The bachelor of science in environmental geology has two degree tracks: watershed management and environmental science. The degree tracks are highly integrated programs including basic courses in geology, water science, and environmental science, respectively. They also offer field study, laboratory experience, independent research, and elective coursework. Environmental geology students are not required to take a minor, but those concentrating in geology are required to take a summer field course (GEOL 375) prior to graduation. Environmental geology bachelor’s degree graduates have excellent career opportunities in water, mineral, and energy resource exploration, resource recovery, resource management, water minimization, pollution prevention, contamination remediation, and environmental protection.
The geology concentration is designed to provide quantitative preparation for career pathways involving interdisciplinary study of the environment, with a geological emphasis. It highlights those subjects that are most relevant to society, including hydrology, geomorphology, earth materials, geochemistry, and soil science, as well as the tools and techniques for environmental geology study.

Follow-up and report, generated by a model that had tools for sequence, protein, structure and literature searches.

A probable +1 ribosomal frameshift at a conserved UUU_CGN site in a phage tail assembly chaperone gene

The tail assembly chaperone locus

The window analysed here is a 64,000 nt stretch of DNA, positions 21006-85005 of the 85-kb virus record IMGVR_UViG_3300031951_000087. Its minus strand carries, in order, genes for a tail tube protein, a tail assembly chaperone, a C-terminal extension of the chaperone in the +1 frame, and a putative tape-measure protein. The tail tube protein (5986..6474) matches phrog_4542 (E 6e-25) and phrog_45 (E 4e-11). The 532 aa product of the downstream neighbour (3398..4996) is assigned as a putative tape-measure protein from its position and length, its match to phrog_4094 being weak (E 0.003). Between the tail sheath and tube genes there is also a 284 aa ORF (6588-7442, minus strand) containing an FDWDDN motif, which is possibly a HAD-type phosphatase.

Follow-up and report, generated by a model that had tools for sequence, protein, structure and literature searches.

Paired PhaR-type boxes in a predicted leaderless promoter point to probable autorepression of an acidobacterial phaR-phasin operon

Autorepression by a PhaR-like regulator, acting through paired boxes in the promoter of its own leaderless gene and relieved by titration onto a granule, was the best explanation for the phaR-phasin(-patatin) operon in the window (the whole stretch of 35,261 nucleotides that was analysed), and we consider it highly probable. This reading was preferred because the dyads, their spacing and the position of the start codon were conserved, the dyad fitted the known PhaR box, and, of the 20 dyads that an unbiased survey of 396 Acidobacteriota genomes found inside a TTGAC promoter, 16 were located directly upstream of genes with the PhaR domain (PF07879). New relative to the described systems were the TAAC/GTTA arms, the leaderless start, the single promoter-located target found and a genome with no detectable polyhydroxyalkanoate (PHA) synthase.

The environmental science concentration focuses on the application of geologic, physical, biological, and chemical principles to the study of the physical environmental and the solution of a wide range of environment problems, such as abating or controlling environmental pollution and degradation and conserving and improving the ways that humans use rock, mineral, water, soil, and energy resources. The environmental science degree track is deliberately designed to be sufficiently flexible to allow students, with close guidance from a faculty adviser, to design a major program, emphasizing a variety of specific approaches to studying earth’s environment, based on a firm foundation of supporting sciences and ending with a project-oriented capstone course